Home for the Holidays

The boys aren’t boys anymore.  They are full grown men, with their own lives to lead and their own paths to follow. Once again they were home for Christmas.  For a couple of mornings, when I’d get up and walk the hallway in the pre-dawn darkness, their rooms would be full again, just like they used to be, when home meant the same thing to us all.  Now they have left, and once again, like it feels every time they leave, the house is cold and empty.

At this moment, I’m sitting here alone in the midnight, listening to Patty Griffin sing “Heavenly Day”, and I’m thinking about love.   It occurs to me that pain and anguish and suffering are constant and never far away.  Love isn’t the denial or the absence of pain, rather, it is the defeat of, the triumph over, however temporary, our suffering.    Love is concurrently fleeting and permanent – even when it lasts for only a moment, its traces remain etched in our subconscious forever, and the memory of its healing power lasts long after the particulars of its instance have faded and dissolved.

We enter the world cold and alone, small and fragile, and then we are gathered in our mother’s arms, and the first thing that is communicated to us, the very first thing we learn, is love.    It is our initiation ceremony to this universe, our true baptism.  The power of that baptismal love and its ability to make us quiet and still in the enormous and harsh and frightening new world we have been thrust into is burned into the core of our being.   The simple truth that love is as vital to our survival as air to breathe or food for sustenance never leaves us.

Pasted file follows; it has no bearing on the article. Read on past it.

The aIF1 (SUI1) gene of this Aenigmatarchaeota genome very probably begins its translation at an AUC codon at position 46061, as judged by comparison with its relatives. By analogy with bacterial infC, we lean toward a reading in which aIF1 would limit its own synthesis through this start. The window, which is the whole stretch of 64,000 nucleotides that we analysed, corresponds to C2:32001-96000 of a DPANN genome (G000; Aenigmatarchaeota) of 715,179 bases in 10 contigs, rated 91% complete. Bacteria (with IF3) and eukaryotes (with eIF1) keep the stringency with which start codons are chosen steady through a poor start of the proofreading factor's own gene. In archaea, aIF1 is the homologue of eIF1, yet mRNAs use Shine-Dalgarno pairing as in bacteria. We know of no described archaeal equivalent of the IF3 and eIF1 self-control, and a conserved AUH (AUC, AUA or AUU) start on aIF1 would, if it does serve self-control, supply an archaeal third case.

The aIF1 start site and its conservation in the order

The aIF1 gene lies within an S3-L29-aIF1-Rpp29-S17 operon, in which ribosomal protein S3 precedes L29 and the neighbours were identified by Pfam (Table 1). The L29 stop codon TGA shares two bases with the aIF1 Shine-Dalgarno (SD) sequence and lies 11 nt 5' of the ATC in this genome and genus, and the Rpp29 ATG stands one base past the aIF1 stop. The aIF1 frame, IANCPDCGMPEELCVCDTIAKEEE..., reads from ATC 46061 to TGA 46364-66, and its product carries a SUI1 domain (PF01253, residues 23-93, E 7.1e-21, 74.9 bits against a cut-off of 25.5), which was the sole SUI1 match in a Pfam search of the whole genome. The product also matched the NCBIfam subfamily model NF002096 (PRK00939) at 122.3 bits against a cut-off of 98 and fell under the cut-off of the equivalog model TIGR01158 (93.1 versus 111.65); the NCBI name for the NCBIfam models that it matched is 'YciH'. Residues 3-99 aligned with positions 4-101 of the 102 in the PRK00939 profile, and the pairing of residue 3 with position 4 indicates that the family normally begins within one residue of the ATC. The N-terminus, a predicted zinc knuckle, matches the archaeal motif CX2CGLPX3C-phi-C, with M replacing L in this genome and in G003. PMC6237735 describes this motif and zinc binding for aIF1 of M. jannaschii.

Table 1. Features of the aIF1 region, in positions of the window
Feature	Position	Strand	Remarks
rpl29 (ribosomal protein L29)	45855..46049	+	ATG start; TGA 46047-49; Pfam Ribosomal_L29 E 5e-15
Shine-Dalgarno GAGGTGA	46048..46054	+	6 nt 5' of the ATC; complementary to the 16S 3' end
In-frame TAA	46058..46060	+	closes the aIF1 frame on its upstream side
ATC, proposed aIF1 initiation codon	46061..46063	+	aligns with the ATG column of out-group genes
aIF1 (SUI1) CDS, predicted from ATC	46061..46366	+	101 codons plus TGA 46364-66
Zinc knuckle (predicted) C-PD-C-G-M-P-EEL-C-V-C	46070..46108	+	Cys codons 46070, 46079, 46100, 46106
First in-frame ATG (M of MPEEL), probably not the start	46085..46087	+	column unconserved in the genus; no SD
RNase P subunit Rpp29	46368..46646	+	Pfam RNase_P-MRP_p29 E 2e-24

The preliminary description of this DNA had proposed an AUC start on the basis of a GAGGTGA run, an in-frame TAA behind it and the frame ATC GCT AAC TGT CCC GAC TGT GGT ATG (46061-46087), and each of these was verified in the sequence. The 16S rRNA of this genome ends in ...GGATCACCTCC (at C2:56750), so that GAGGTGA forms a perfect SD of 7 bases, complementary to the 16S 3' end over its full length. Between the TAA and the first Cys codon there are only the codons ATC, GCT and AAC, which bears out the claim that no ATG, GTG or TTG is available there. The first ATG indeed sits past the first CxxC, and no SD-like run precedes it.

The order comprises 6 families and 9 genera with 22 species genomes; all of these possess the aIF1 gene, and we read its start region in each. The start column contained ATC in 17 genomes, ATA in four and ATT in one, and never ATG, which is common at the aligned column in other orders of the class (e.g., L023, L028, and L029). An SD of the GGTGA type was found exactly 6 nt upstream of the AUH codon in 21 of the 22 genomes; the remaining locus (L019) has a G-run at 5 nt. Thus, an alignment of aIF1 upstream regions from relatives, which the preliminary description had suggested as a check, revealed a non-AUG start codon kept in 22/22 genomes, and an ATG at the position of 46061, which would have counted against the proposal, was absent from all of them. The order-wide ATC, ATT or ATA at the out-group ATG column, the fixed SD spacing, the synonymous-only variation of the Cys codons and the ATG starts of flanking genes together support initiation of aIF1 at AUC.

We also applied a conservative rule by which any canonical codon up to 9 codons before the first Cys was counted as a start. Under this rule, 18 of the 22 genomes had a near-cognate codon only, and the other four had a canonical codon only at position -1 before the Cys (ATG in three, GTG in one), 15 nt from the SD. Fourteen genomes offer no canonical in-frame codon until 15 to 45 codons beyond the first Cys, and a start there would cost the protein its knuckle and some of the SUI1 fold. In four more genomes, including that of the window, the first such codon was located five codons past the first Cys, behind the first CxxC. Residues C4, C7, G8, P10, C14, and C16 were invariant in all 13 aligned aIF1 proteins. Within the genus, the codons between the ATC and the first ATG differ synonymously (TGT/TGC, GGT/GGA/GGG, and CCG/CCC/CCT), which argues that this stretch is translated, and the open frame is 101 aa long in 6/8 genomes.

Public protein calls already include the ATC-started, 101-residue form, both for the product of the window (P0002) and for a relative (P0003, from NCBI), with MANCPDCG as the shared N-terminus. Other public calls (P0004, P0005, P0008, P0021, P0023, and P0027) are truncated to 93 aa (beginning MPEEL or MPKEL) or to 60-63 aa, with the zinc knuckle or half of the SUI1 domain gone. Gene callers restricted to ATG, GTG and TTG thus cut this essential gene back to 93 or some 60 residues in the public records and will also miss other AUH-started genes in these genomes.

So it is that, spurred on by a gnawing ache, we spend so much time blindly flailing about, stumbling over and confusing needs with desires, in a desperate search for love.    The need for love is so primal and constant that it can distort us, and distort our memory and knowledge of what deep down we know love to be, until all we have is the raw and unsatisfied hunger for that which we no longer can recognize, and we are blinded and preyed upon by those who have turned their backs on love.   To deny love is to embrace the black emptiness of cynicism.  Cynicism is the corruption of love, the betrayal of its pure and selfless essence, the manipulation of love into something dark and sinister.   These manipulations can destroy a love, but they cannot destroy the capacity for love.  Only love can wipe clean the dark stain that cynicism leaves on the soul.

Love is transformational.  The love in which my children were conceived has transformed into a love for them that has continued and deepened over the years.   It is a love that has sustained me and buffered me from the eroding forces of pain and anguish, and I hope that it is strong enough to shield them from the suffering that will be just as inevitable a part of their journey.  Above all, may they forever carry my love inside of them, and may it sustain them in times of need, as it has sustained me.

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